Hope Star from Hope, Arkansas on April 22, 1968 · Page 8
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Hope Star from Hope, Arkansas · Page 8

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Hope, Arkansas
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Monday, April 22, 1968
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Page 8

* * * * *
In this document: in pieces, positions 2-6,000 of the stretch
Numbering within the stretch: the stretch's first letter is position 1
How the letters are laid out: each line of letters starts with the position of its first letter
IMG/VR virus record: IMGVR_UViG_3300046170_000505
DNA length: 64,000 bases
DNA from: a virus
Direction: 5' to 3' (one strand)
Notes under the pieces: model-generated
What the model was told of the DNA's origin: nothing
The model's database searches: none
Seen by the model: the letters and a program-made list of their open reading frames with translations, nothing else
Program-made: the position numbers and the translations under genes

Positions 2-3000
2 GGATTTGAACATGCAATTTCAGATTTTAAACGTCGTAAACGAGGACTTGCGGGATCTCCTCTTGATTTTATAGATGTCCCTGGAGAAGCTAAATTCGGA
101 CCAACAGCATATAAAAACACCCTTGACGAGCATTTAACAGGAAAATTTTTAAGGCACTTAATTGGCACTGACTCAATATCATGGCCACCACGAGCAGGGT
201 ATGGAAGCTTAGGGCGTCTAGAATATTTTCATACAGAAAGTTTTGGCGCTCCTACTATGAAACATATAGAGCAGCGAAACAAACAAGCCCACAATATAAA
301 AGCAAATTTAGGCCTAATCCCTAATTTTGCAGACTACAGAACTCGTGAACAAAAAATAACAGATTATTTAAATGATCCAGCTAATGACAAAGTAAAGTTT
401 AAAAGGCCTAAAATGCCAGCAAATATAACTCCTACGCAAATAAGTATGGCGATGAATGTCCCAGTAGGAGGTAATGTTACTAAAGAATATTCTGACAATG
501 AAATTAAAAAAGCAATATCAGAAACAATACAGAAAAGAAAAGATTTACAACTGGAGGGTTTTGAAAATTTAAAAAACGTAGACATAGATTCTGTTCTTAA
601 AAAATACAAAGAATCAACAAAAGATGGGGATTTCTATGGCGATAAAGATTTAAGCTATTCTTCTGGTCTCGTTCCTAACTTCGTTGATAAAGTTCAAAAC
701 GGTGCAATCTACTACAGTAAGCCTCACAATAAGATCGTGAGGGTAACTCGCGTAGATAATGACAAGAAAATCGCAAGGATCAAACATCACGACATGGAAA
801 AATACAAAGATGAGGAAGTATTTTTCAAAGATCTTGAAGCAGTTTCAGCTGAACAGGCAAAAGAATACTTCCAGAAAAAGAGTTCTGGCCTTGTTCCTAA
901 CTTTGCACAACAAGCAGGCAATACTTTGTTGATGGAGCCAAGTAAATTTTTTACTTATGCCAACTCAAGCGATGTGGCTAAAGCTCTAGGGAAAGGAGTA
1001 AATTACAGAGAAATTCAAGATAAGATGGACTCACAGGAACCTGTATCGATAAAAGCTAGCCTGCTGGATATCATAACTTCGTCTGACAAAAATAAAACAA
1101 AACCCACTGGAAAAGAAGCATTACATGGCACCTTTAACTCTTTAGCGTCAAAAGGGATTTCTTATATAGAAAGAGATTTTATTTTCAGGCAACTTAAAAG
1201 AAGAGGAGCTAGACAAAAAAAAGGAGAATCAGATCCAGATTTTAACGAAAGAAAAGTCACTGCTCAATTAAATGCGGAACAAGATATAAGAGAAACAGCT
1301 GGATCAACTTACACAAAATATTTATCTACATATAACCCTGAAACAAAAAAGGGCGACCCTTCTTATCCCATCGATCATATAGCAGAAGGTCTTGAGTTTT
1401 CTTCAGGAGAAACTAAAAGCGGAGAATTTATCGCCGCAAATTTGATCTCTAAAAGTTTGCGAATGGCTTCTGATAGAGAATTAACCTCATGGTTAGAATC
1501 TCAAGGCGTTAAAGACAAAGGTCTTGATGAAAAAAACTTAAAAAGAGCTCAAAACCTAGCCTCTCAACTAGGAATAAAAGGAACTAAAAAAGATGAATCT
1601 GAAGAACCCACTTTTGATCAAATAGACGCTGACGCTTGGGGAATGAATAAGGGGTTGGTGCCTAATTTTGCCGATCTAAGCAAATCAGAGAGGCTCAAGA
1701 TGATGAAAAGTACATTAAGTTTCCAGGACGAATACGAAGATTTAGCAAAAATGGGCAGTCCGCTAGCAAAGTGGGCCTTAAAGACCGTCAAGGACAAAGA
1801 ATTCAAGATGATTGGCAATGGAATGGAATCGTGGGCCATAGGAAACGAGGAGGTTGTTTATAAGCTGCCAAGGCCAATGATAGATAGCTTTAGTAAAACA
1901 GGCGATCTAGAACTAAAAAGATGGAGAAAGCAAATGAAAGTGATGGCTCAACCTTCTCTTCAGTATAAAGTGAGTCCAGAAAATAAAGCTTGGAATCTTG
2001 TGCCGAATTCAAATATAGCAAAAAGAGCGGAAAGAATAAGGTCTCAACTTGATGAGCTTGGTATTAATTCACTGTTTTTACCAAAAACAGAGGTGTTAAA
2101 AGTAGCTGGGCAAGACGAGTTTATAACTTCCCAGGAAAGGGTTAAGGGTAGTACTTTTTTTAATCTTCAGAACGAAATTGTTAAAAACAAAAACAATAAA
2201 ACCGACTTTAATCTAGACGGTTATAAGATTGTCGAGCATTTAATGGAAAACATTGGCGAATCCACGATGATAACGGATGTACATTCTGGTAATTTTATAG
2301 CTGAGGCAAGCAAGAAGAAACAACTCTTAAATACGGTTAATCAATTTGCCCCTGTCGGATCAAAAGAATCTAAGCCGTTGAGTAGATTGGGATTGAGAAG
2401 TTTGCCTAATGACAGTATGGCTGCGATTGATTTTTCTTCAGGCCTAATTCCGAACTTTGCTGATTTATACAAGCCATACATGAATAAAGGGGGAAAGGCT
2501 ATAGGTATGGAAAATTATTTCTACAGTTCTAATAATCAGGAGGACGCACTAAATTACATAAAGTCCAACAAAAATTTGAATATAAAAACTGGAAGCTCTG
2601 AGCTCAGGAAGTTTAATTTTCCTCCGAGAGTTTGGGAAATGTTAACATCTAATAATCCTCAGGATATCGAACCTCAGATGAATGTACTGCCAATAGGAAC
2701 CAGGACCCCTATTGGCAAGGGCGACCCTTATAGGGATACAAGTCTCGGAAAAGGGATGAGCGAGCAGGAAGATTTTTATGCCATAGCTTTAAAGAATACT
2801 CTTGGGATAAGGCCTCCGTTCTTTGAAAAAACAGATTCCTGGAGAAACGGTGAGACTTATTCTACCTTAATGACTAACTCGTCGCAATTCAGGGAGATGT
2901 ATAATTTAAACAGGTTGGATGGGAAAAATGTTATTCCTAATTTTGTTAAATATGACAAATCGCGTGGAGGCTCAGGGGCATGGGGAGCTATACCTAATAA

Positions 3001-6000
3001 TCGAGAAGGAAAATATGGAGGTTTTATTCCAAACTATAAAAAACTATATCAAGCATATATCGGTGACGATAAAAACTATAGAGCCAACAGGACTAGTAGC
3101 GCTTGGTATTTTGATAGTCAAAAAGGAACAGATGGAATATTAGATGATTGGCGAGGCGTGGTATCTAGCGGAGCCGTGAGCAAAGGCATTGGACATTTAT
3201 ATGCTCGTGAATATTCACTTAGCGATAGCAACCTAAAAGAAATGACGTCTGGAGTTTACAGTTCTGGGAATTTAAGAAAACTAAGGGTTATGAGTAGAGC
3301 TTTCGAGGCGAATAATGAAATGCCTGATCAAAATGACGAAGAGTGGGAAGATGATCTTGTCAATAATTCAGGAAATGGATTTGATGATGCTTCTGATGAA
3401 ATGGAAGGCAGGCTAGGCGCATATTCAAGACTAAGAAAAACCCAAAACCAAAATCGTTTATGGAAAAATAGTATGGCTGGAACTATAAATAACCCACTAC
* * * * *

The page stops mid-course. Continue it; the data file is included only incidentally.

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The tragedy of Man: He starts off with a Country - and winds up with a Government! A Our Daily Bread Sliced Thin by The Editor Alex. H. Washburn Red River Navigation Moves Closer Hope fd«rie titite Star VOL. 69~No. 162 -10 Pages Star of Hope, 1899, Press 1927 Consolidated January 18, 1929 HOPE, ARKANSAS, MONDAY, APRIL 22,1%8 Members Associated Press & Audi! Bateau of Cifettlatie-fig Av. net paid circulation 3 mos. ending Mireh 31,1968*3,361 to* I n editorial in the Shreveport Times last Friday, April 19, quoted Senator Russell Long as saying that the U.S. Corps of Engineers will let contract before June 30 on the first leg of the Red River navigation channel —working upstream from the confluence of the Red with the Mississippi's existing 9-foot channel. Navigation on Red River offers nothing directly to Hope, Texarkana, and Southwest Arkansas at the present time, for the current project runs only to Shreveport and possibly Daingerfield, Texas-^but it does represent a beginning. And there has to be a beginning if we are to look for future extension of the channel to our old river port of Fulton. To this writer the most significant development in the Times editorial was the emphasis the paper gave to the discarding of the old Overton riverside-canal proposal in favor of today's follow-the-river-as-is plan. The Overton proposal would have left the river's course in many places, utilitizing cut-off canals. But now the river will be developed solely on its natural course. This spells out something that previously has agitated trade relations between Hope and Texarkana. So me of the Texarkana folks have been zealous in promoting the idea that if navigation ever were extended north ofShreve- port, Fulton might be by-passed in favor of a direct canal route which would bring navigation to Texarkana's doorstep en route to the Denison dam. But today's Corps of Engineers plan kills that idea. Navigation would follow Red River's course exactly. Fulton would be the main port for both Hope and Texarkana — and if either city wished to bring navigation any closer it could do what Houston did . . . financing its own barge canal to the river, as Houston built a ship channel to the sea. Construction for navigation on the Red is beginning, but it's up to all of us in Southwest Arkansas and East Texas to help on the congressional end. For we know that powerful economic forces are opposed to waterway development. I quote the following excerpt from the April 18 bulletin of the National Waterways Conference, Inc., Washington, D.C., received today: "MoPac News, the monthly publication of the Missouri Pacific Railroad, doesn't mince any words in its March issue. 'We don't give a dam, lock or canal for water,' the newspaper states. 'If you stretch your imagination a little to envision our railroad system as the branches of a great tree, you might compare the waterway system to a parasitic vine wrapping itself around the tree. ' The two- page article sharply attacks waterway development and makes an impassioned plea for enactment of waterway user char cos." Wallace in Texarkana Thursday George Wallace of Alabama, candidate for president, will speak at the Texarkana airport about 2 p.m. Thursday, April 25, according to an announcement from Texarkana this morning, Former Gov. Wallace is on tour in a private plane, anci while his speech is tentatively scheduled for 2:30 the public is asked to be on hand by 2 o'clock in the event he arrives early -- for lie will begin speaking immediately on arrival. Today's announcement came from Hill Thompson, member of the Texarkana Wallace • for • President Committee, Sanitation Union Asked LITTLE ROCK (AP) - The AmtM'icati Federation of the State, Counly and Municipal Employes of the AFL-CIO has been asked by a majority of Little Rock's samtatioa workers to represent them. The board lias not recognised unions as bargaining agents in the past. Uttle Rock firemen iiave been organized for 50 years but the board lyis declined to deal with the union. Court Order Defied by Phone Group By NEIL GIL BRIDE AP Labor Writer WASHINGTON (AP) - The A F L -C I 0 Communications Workers defied back-to-work court orders today in two states in the fifth day of the nationwide telephone strike, and said the injunctions blocked chances for an early settlement. "All hopes for a quick solution have faded," said CWA President Joseph A. Beirne, who denounced the court orders obtained by Southern Bell Telephone Co. in Alabama and Kentucky as "preposterous" and "anti-union." Beirne said the injunctions indicated the Bell Telephone System, and its parent American Telephone and Telegraph Co., want "to go on fighting" the strike of nearly 200,000 union members in some 40 states, instead of settling the wage dispute at the bargaining table. AT&T President Ben Gilmer reported meanwhile that telephone service in most areas was being maintained without undue trouble despite the first nationwide strike in 21 years. "Management people who are filling in at the switchboard are gaining experience, and customer cooperation has been most gratifying," Gilmer said. Some customers, however, found it strange to dial for an operator and hear a man's voice reply instead of the usual female "voice with a smile." In addition to the union's angry reaction to the court injunctions, company reports of cables being cut and phone booths damaged, and union charges that company supervisors were driving trucks into pickets, further heated tempers in the strike. Beirne called his 13-man union executive board into session Sunday to consider Gilmer's offer to explore a union proposal. But the meeting ended after eight hours "without any prospect for an immediate settlement," Beirne said. No formal company-union talks are scheduled, he said. The injunctions order Bell System employes whose contracts have not expired to go back to work despite picket lines of their fellow union members— telephone installers employed around the nation by the Bell subsidiary, Western Electric Co. Some 23,000 Western Electric telephone installers in about 40 states are on strike, in addition to Bell System operators, linemen, repairmen, clerks and other workers in 15 states. Western See COURT ORDER On Page 10 Chart shows U.S. peak defense budgets during years of conflict. Approximately a third of current moneys allocated for defense will be spent on the Vietnam war. Separation of Church, State Is a Top Issue of U.S. High Court Only Nine Senators Have to Run LITTLE ROCK (AP) - The Arkansas Supreme Court today upheld a Circuit Court ruling that only nine state senators must stand for re-election this year. The ruling was on a suit filed by the Republican party which raised the question of how many senators had to stand for election this year. Under a revision of the senatorial districts according to the U. S. Supreme Court's one man, one-vote doctrine, 26 senators were elected in 1966, leaving nine as holdovers. The state constitution requires the election of 18 senators in one year and 17 two years later. The GOP contended that senators should draw lots after an See ONLV NINE (on paga ten) Seat Belts Can Save Lives But Very Few Drivers Use Them By HAL BOYLE NEW YORK (AP) - Things a columnist might never know if he didn't open his mail. Safety experts estimate that auto seat belts, now mandatory in all new cars, could save 8,000 lives a year. But a recent check showed ' that barely half the drivers use them on long trips, and only 38 per cent on local trips, In a single year the number who said they had belts but never wore them rose from 10 per cent to 17 per cent. Agriculture started the human population explosion. Scientists believe that during the long period when man did not know how to till the earth and lived by hunting and foraging, there were only about seven million people in the ontire world, Since birds have been around for millions of years, why isn't the earth covered by their feathers? Because nature provided a microbe that breaks them down. But we now face the problem of having civilization inundated by old nylon stockings and discarded detergent containers. No microbe exists that can break down many modem plastics and artificial fibers. Fashion note: Sideburns are becoming high style in some masculine circles, particularly for evening wear. So, tu a lesser extent, are mustaches and goatees. The man too shy to wear them during business hours can buy a whole set of falsies for $150, or a pair of sideburns alone for $50. Quotable notables: "Women are most fascinating between the ages of 35 and 40, after they have won a few races and know how to pace themselves. Since few women ever pass 40, maximum fascination can continue indefinitely,"- Christian Dior, bisects have by no means lost their continuous war for survival with the human race. House flies can become resistant to our best insecticides in as little as two years. Some even get de* pendent on the stuff, and have a hard time living without it, The odds: If your community lias been ravaged by a tornado, it might cheer you to know that the probability is it won't be struck by another twister for another 250 years, even though it lies in a storm belt, On the other hand, reports National Geographic, Oklahoma City has been hit by 2G tornadoes since 1892. "Emergency, emergency." Most physicians seem allergic to the rural life. Some 5,000 U.S. communities now have no doctor. In New York and Massachusetts there is a doctor fore v- SeeSEAT PEUTS On Page 3 WASHINGTON (AP) - A New Y<>ck case involving the separation of church and state issue tops the Supreme Court calendar as it .opens two weeks of hearings, the last of its current term. The high court is scheduled today to hear two hours of arguments in a bid by two New York school districts to overturn a state law requiring public school systems to lend textbooks to students in parochlil schools. Arrayed in opposition to the boards, one in the Albany area and the other on Long Island, are the U.S. government, the State of New York, five other states with similar laws, three organizations with religious ties and a major union. Supporting the boards are the New York Civil Liberties Union, the American Jewish Committee, the American Jewish Congress, the Anti-Defamation See SEPARATION OF On Page 2 Group Talks Over Problem of Litter The Hope Retail Merchants Association asked City Sanitarian, Jewel May, to meet with them for a discussion of how the downtown area trash problem could be handled to prevent Utter being scattered over the alleys and rear premises of the business houses, Mr. May expalined that the Sanitary Ordinance provides that all trash must be placed in some type of container that will prevent it being scattered, but a great many merchants do not handle their trash in compliance with the law. He said that keeping the alleys clean did not present too much of a problem, but that vacant spaces behind the stores were the res- ponsibllity of the owner. He said, however, that city crews were sent occasionally to clean up the back of these premises. The sanitary law further pro. vides that business houses must keep their sidewalks clean and unobstructed and the premises clean of weeds and other growth, The Retail Merchants Association asked Mr, May to send information to all business houses ex* plaining the Sanitary law and ask* ing their support in keeping the downtown area clean. He said that a letter would be sent to all the downtown businesses and that he would personally work with any businesses that needed further information or assistance on plans for storing their trash until it could be picked up. Trash in the downtown area is picked up nightly except Sunday. New Clash in Korea, Four Killed By K. C. HWANG Associated Press Writer SEOUL (AP) - Three North Koreans and one American were killed Sunday in the second major clash in eight days in the U.S. sector of the Korean front. Each side accused the other of starting the battle in which three Americans were Wounded. The U.N. Command demanded an investigation by a joint team of observers, as provided by the 1953 Korean armistice. The Communist side ignored a request for an observers' meeting today, a U.N. spokesman said. The spokesman said a group of at least eight North Korean soldiers opened fire on a U.N. patrol in the 2nd U.S. Infantry Division are of the demilitarized zone. The patrol returned the fire and intermittent shooting went on for two hours, the spokesman said. Three of the Commuoist soldiers who had crossed the military demarcation line were killed, but their bodies were apparently dragged back because they could not be found Monday, he added. A North Korean broadcast said the American force was made up of "over 50 fully armed bandits" who slipped across the demilitarized uone and attacked a Communist guard post near Daiduksan. The broadcast said "several armed \»ndits" were killed in the "fierce lire." It made no meations ofl^forth Korean casualties, j., On Easter Sunday south ot the Panmunjom armistice conference area, Communist ambush filled two American and two 'South Korean soldiers and wounded two other Americans. Another American was wounded Saturday while on patrol duty in the buffer zone, the U.N. Command said. Later Saturday, a U.N. observation team investigating the shooting was fired on. Hanoi Holding Out for Two Sites, Lashes the U.S. for Not Accepting TOKYO (AP) - North Viet* nam charged Sunday that the United States, "instead of going 'any place,' has set two and then four conditions" for the preliminary talks to arrange a Vietnam peace conference. Hanoi's Communist party newspaper Nhan Dan indicated the North Vietnamese still are holding out for the two sites which the United State rejects — Phnom Penh, Cambodia, or Warsaw, Poland. The Hanoi government has rejected 10 sites proposed by the United States. Nhan Dan again accused President Johnson of going back on his assertion that U.S. envoys would go anywhere at any time in efforts to end the war. Johnson asked Thursday for assurances that the conference site would be accessible toother governments involved in the war, that it have adequate and presumably secure communications, that it be open for news coverage and that it be a place where neither side would have a psychological or propaganda advantage. Clark Sees Cutback in Vietnam W. Ave. Job Is Hit by Letter Editor The Star: Recently you had an article in your paper questioning a part of Interstate 30 up close to Arkadelphla, as to what ment d was holding up the program, and the rumors you had heard. It brings to mind something right here in Hope-rumors 5"* ti " n ',, t about a certain street that was torn up and not finished. I don't suppose I have to teU you I am talking about West Avenue B. There have been rumors that the city ran out of money, had lost Its contract, and some said wasn't going to be finished, I feel sorry for the people who live on Avenues C. and D and Briant Street. Those streets are gravel and the only decent streets that carry the traffic going and coming from the genera tor plant, G. & S., and the Gunter lumber mill. I live on Briant Street and work at the generator plant; therefore I know there are about 150 people working there and from 75 to 100 drive cars. That's not counting the people who live down Old 67 and who have to travel West Avenue B. If West Avenue B Isn't going to be completed soon, or completed at all, can't Avenue C and the streets I mentioned be paved or blacktopped? Avenue B can't be blamed on the failure of the street bond issue. It was torn up before the bond issue was voted on, Please see if you can round up some answers for me and a number of omer people. MRS. THOMAS COBB April 17, 1968 Route 4; Box 285-C Hope, Ark. •NEW YORK (AP)-Secretary of Defense Clark M. Clifford said today South Vietnam's increased fighting effectiveness will permit a leveling off of U.S. efforts in the war and "in due time" permit gradual troop reduction. Clifford made that assessment in a speech prepared for the annual: membership meeting of .the Associated Press. ' It was his first public address since he became defense chief seven weeks ago. Clifford said his assessment was based on results of a comprehensive review of American policies and programs in Vietnam, ordered by the President after the setbacks of the Communists' Tet offensive. "The results were clear and the results were encouraging," Clifford declared. "They disclosed that Hanoi could not bend South Vietnam to its will by military force. "We concluded that Americans will not need always to do more and more, but rather that the increased effectiveness of the South Vietnamese govern- its fighting forces will now permit us to level off our effort—and in due time to be- the gradual process of re- AP News Digest VIETNAM»KOREA U. S. Marines attack North Vietnamese troops near Khe Sanh and kill 21. BS2s raid the A Shan Valley again. Three North Koreans and an American die in a two-hour clash in the Korean demilitarization zone. George McArthur's War Vignette: Sgt. Marvin Powall never thought he'd be battling Chinese herb doctors In the Me* kong Delta. POLITICS Richard M. Nixon has started his second major campaign theme in his drive for the Republican presidential nomination—what he calls the federal budget crisis. Sen. Eugene J. McCarthy, seeking the Democratic presidential nomination, scores J. Edgar Hoover, Dean Rusk and Richard M. Nixon. WASHINGTON The AFL-CIO communications workers defy back-to-work court orders in two states as the nationwide telephone strike continues. A New York case involving the issue of church-state separation tops the Supreme Court ca- lender as it opens two weeks of hearings. Ruby Martin calls herself "a living example of the benefits of integrated education." She's the new chief of the federal school desegregation program. NATIONAL Final steps are being taken for a merger of two Protestant denominations amid tensions underscored by a walkout of Negroes from mass communion services. INTERNATIONAL Britain's Conservative party is split over the racial situation in that country. A $700,000 shipment of diamonds is missing in the wreckage of a South African airliner that crashed, killing 122 per- Enemy May Be Planning Big Attack By EDWIN & WHITE Associated Press Writer ..„ SAIGON (AP) - All Sdutft", Vietnamese army units in Sal* gon and the surrounding 11: provinces were put oh a 100 per cent alert today because of intelligence reports indicating an,. Impending big attack on the" capital, Vietnamese sources re/;," ported. ".1 American officials did not ap* r pear to give much credence to the reports, An American milf£ tary spokesman said U.S. troops, were on the same alert they've" been on since the Viet Cong's lunar new year offensive in Feb-, riary. Vietnamese troops had been on a 50 per cent alert since thel February offensive, with half 6£ them allowed overnight passes^" Now all troops are restricted tb their bases. _,1 The intelligence reports said the. Communist attacks woultf be on the scale of those during" the February offensive, whe$ thousands of Viet Cong aflfl. North Vietnamese troops infil-, trated Into Saigon and attacked' all over the city. Officials reported Sunday thai a North Vietnamese colonel had" surrendered and turned over- plans for another assault on S&- gon by 10,000 enemy troops. * '^ The colonel, the highest ranis-"' ing defector to fall Into allied: hands, said the assault had beeif, planned for today but some ufl-~ known circumstance had result^ ed in a delay. Allied forces reported killing" at least 135 enemy soldiers Sunday in six clashes within 40 miles of Saigon. Most were Iri areas where allied forces have See ENEMY MAY, (on page ten) Night Classes to Begin at Tech School Ho Fines for Books During Library Week Bad Weather Warning Issued LITTLE ROCK (AP) - The U.S. Weather Bureau at Little Rock issued a tornado watch today for Sevier, Little River and Polk counties until 5 p.m. to. day. All Around Town By The Star Staff sons. Night classes will begin April 23 at Red River Vocational Technical School according to Mrs. Alvin Huckabee, Chairman Business Education Department. The courses are: Accounting and office machines; shorthand and typing; and office practice. Many states and communities Each class will meet on Tues- across the country are celebrat- day and Thursday nights from 7 ing National Library Week. April to 9 p.m. until May 30. 21.29. Mrs. Huckabee explained that In observance of The Week the a .person would take one class Hempstead Nevada Regional Li- for the two hours period. All brary is havinga Fine Free Week, interested persons are Invited Anyone who has an overdue book to attend these classes. A $5.00 from the library may return dur- enrollment fee is charged, ing this week without paying a fine — regardless of how long the book has been out. Students may take their overdue books to their teacher or to the school library. Persons not able to return books during library hours may leave them in the box at the front door of the library. Vapor Lights Throughout City Planned Keenan Williams, a pre-mini- steral student at Hendrix College, preached his first sermon Sunday night, April 14 at the First Methodist Church of Conway , , , It was entitled "A Time to Stand," , , , He is the son of Mr, and Mrs. LaGrone Williams, The Millwood Shrine Club will have Ladies Night Tuesday, April 23 at 7 p.m. at the Diamond, When Earl O'Neal and friends from Conway went to Big Island on the White River this weekend to hunt wild turkeys, he bagged one, , , He got one last year at the same place, Mrs, Jud B, The City Electric Department is installing Mercury Vapor lighting throughout the City, changing out all incandescent fix* hires. The new Mercury Vapor fisf- tures provide nearly 3 times .as much light as the old fixtures better Boat Cap«iie$, Man Drowned By THE ASSOCIATED PRESS C6CEOLA, Ark. (AP,WR. B. Sims of Victoria (Mississippi County) drowned Saturday night when his boat caps&ed while he was fishing a chute of the Mississippi River near Uix- ora. W. B. Ruggles has been a patient at Wadley Hospital in Texarkana the last two weeks, , , Though he cannot have visitors, he would welcome cards and let* ters from his friends. Paisley PTA Martindale, president; Mrs, Bill and use about the same amount Brown, vice -president; Mrs, of electric current, The new light- Galen May, secretary; Mrs.Wes- ing system will make Hopeone.Qt ley Barton, treasurer and Mrs, the few towns to tne State coo> Wayne Whitley, historian, pletely lighted by Mercury Vapor lighting, The downtown area ancl The District 4-AA track meet some of the highways were chang- has been set for April 23-27 at ed over several years ago, Hope High School, Along with tarnishing tne dential section a much b Perry's Motel and Truck Stop lighting job, it will save tneelefr has been cited by Travelmats trie department many nours $ Corporation of America, Prairie labor now spent replacing burned du Chien, Wisconsin, as one of ovjt lamps, The life of a Mereurj? the outstanding stops in this part Vapor lamp is several years, of the country, They seldom burn o«t but are r«« placed when Uie light output falls Some 2,991 University ofOkla- to a low point, Lamps in tne dowtt- homa students earned places on town section were recently chaflf* the University honor toll tor tra ed out after over 4 years of 89?« 1967 fall semester, , .tne honor vice, At this point it was esti* roll includes Clyde Dale Zlnn, mated tbat the light output had faj,, son of Mrs, Clyde Zinn of Hope len about 40 per cent, and Betty Ruth Schanek, daugh- It will take about 450 osigfei ter of Mr, and Mrs, Breck Sche- borhood light fixtures to corople^ nek of Hope, There will be an adult sewing class Monday night from 7 to 9 p.m. in the Spring Hill Home Economics Dept, at the Spring Hill School , , . the lesson will be on making drapes, Mrs. B. J, Willhite installed the following new officers of the the job and the electric ment has already Installed Most of the North side of Some 19 journalism scholar ships were presented last week has been changed and at a Journalism Day Awards ban- able work has been dons to quet at the University of Arkan- Southeast section of town, 1 sas,,, the Dumas Clarion Award vrork is being titow i# tn* of $300 each went to Virginia Lee crews as taey caa fit U iata Walks, University sophomore of er distrlbutiou work uid is Henderson god Ciwdy Lou Reese, pecte4 to be freshman, from Hope, tiwe tbls fell*